Jun 5, 2019 - Research

A Conversation with Nilanjan Chatterjee

Abstract chaotic background

This week, 23andMe is hosting its third annual Genome Research Day, a meeting focused on human genomics research happening in and around the Bay Area. This event will also allow 23andMe scientists to explain some of our latest research.

Among the many presentations, we’ll highlight some of our work around polygenic risk modeling. We asked Johns Hopkins University statistical geneticist Nilanjan Chatterjee, Ph.D., a Bloomberg Distinguished Professor of Biostatistics and Medicine at Johns Hopkins University, to help us put into context the work being done around the world on risk modeling.

Chatterjee is a noted expert in developing risk prediction models, particularly around cancer. As more genetic data becomes available, polygenic risk models are increasingly being used to help calculate the cumulative risk of not just a few genetic variants but the many hundreds or even thousands of variants that convey risk. In addition, these new models can also include other factors  — such as lifestyle and environmental influences — to offer a clearer picture of disease risk.

Bigger and Getter GWAS

Thank you for chatting with us, Dr. Chatterjee. Can we start by asking why we are hearing so much about polygenic risk scores now, even though they have been around for a while?

Dr. Nilanjan Chatterjee: My guess is that because the sample size for genome-wide association studies has increased by leaps and bounds, this has led to much more improvement (polygenic risk scores). In particular, PRS is now providing meaningful risk-stratification for several common diseases like breast cancer, type-2 diabetes, and heart disease. I anticipate the power of (these models) for risk-stratification will continue to increase as the sample size for GWAS grows, especially for non-European ethnic groups where the data have been lacking in the past.

There are many different kinds of non-genetic risk models to estimate risk. How are polygenic risk score models different, and is that important?

Dr. Chatterjee: Well, that is an interesting question that does not have a simple answer. At one level, all models are trying to produce an estimate of “risk,” which is a single number. It does not matter whether this is being driven by genetic or non-genetic factors as long as the overall model performs well. But at another level there are important pros- and cons- for using genetic and non-genetic factors. It can be simpler for people to feed in information on simple factors like BMI, smoking history, and family history through filling out questionnaires. While one-day, genetic information, including PRS, may be part of routine clinical care, we are not there yet.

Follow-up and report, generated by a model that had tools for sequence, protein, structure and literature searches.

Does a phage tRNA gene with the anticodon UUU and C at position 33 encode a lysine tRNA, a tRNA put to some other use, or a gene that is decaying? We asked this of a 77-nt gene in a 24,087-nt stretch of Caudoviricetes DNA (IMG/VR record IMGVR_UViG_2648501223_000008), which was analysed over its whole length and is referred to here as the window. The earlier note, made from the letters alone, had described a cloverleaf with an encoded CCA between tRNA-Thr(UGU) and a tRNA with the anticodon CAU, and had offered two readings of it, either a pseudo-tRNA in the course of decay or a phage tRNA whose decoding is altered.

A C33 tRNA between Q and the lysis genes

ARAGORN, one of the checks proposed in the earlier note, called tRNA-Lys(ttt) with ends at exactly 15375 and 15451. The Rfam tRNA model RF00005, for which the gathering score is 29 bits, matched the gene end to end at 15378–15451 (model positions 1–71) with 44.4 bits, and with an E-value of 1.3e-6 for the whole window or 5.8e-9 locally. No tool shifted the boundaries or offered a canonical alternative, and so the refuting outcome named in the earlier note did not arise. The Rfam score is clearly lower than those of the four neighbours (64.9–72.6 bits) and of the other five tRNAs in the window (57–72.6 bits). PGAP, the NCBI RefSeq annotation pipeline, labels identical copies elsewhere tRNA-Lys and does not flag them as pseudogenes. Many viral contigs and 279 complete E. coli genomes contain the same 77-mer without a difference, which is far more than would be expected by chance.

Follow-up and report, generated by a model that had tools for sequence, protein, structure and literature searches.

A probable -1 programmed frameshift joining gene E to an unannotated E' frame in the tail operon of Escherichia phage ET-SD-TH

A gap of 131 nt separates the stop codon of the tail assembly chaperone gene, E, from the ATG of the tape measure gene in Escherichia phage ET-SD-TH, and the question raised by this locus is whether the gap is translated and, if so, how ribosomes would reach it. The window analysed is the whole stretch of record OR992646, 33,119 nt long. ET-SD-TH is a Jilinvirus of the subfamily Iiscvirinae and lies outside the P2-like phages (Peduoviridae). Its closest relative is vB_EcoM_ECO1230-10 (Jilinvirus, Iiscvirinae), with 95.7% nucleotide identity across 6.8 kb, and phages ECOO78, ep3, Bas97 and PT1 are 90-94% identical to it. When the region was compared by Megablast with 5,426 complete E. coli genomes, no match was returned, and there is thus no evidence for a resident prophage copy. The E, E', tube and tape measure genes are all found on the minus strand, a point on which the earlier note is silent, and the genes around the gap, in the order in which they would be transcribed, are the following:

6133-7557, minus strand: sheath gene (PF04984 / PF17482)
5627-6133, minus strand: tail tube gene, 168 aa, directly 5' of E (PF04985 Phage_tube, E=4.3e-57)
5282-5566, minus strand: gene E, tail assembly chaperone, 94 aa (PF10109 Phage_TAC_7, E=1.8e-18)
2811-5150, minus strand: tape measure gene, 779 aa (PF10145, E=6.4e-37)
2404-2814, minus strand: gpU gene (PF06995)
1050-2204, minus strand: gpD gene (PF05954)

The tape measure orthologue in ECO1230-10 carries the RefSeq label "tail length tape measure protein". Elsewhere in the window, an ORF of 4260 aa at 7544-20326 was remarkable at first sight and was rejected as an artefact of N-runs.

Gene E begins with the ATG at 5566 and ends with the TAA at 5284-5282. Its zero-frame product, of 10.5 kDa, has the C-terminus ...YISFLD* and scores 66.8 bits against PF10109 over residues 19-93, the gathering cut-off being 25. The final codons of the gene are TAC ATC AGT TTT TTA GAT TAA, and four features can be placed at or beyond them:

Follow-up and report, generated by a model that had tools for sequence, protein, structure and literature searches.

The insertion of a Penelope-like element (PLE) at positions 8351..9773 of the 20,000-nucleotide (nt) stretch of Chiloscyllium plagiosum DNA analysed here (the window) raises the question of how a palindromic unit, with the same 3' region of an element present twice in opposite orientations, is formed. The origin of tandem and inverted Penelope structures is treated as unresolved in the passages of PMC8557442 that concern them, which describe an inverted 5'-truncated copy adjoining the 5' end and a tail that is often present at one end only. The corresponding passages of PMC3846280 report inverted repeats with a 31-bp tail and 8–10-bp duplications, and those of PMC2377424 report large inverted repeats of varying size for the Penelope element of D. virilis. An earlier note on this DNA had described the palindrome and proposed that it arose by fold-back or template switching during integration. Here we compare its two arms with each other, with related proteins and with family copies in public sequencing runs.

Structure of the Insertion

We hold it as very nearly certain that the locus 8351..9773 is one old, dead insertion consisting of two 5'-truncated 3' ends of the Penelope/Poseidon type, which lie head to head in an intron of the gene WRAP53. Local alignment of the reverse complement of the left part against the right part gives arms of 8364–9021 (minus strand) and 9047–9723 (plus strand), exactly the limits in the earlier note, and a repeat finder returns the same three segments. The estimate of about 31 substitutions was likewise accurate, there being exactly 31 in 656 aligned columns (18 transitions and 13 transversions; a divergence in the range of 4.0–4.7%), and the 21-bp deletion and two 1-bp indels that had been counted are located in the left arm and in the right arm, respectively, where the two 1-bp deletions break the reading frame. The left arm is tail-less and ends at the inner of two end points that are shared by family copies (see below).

On the other hand, lifestyle factors and other non-genetic factors, including various biomarkers, change over time, and they may have limited value for long-term risk prediction based on a single measurement. Information on inherited DNA needs to be collected only once in a lifetime. We often see that genetic predisposition leads to risks that remain throughout an individual’s lifetime, and non-genetic risk factors act in a multiplicative fashion on the background of that stable genetic risk.

Complicating the future use of polygenic risk models is a huge issue related to our confidence in the systems in place to protect the security of our genetic information. But setting aside the confidentiality issue, I feel future risk models should include both genetic and non-genetic information. It’s important to understand risks associated with lifestyle because that is something we can do something about it. At the same time, genetics is an important determinant of our background risk, and even if it cannot or should not be modified, it can help us make decisions regarding strategies for risk reduction through lifestyle changes, medication, and screening.